We know D.C. Get our free newsletter to stay in the know.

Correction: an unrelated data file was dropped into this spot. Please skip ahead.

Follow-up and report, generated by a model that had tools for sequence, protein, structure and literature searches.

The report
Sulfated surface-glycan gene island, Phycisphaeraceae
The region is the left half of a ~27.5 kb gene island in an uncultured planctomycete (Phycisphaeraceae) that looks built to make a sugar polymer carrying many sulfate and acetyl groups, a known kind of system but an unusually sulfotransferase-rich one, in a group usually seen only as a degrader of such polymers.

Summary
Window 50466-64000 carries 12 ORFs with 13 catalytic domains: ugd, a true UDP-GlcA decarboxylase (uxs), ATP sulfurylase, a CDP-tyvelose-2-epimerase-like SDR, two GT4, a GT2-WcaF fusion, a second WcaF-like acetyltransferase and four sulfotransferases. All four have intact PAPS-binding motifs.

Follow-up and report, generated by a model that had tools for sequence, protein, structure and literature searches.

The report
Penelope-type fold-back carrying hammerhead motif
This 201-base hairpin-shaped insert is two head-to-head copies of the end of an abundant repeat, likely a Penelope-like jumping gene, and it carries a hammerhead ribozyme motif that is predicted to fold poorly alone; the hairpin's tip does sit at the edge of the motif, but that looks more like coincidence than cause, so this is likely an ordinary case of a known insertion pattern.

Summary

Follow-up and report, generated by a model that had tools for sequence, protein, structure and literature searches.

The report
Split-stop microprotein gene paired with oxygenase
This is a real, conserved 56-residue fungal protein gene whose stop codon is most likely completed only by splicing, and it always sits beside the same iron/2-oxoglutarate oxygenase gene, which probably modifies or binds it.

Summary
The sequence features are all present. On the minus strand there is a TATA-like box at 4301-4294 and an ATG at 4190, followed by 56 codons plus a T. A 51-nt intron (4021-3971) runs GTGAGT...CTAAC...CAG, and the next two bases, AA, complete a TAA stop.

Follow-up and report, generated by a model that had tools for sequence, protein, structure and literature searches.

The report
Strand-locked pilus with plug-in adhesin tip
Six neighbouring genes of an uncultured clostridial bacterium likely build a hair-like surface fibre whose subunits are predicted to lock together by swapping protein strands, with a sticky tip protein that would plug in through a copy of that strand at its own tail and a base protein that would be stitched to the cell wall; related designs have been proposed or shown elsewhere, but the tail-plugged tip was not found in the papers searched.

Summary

Four years ago, Wheat was happy surfing the late-’90s neo-emo wave. But as the likes of Dashboard Confessional and Taking Back Sunday began bulking up their audiences on MTV2, the Taunton, Mass., trio and its brand of benevolent, subdued indie rock became stuck in label-deal limbo. Some good must have happened to the band in the interval, however, because Wheat’s first LP for a major, Per Second, Per Second, Per Second…Every Second, is an unexpected lunge toward pop bliss. The group’s last long-player, 1999’s Hope and Adams, was a charming work of languorous rhythms and lovely guitar melodies interrupted by stretches of the dissonant spelunking that would define Yankee Hotel Foxtrot a few years later. If this earlier material had a serenely half-awake quality to it, Per Second seems as if it has just hopped out of bed, slugged a cup of joe, and hit the treadmill. The opener, “I Met a Girl,” is a cheeky, manic tune about strained fidelity (“I met a girl I’d like to know better/But I’m already with someone”) on which singer/guitarist Scott Levesque, once prone to hushed, candlelit vocals, throws around his broad, made-for-radio voice with new abandon. “Some Days” features cheeky falsetto hooting and even a wah-wahed guitar solo. And on the driving “Life Still Applies,” Levesque’s high-alto voice soars like Bends-era Thom Yorke’s, sustained by a double-time drumbeat and glossy, happy-making guitars. Most of the time, this new spunk is welcome. Occasionally, though, the Big Pop Sound of Per Second verges on varnished, Pete Yorn-y generica. The preening perfection of “World United Already” sounds like Teenage Fanclub recording the theme for a new WB teen-angst series, complete with Top 40 lyrical vapidity (“It’s good to find the truth/It’s hard to find/Just don’t let yourself run out of time”). Still, most such missteps are followed by a winning comeback. In this case, it’s the fuzzed-out, slow-building “Hey, So Long (Ohio)”; in others, the bouncing, good-hearted “Closer to Mercury” or the sparkling, anthemic “These Are Things.” Per Second, it turns out, is a successful stylistic transitionafter all this time, it’s good to see Wheat grow. Michael Crowley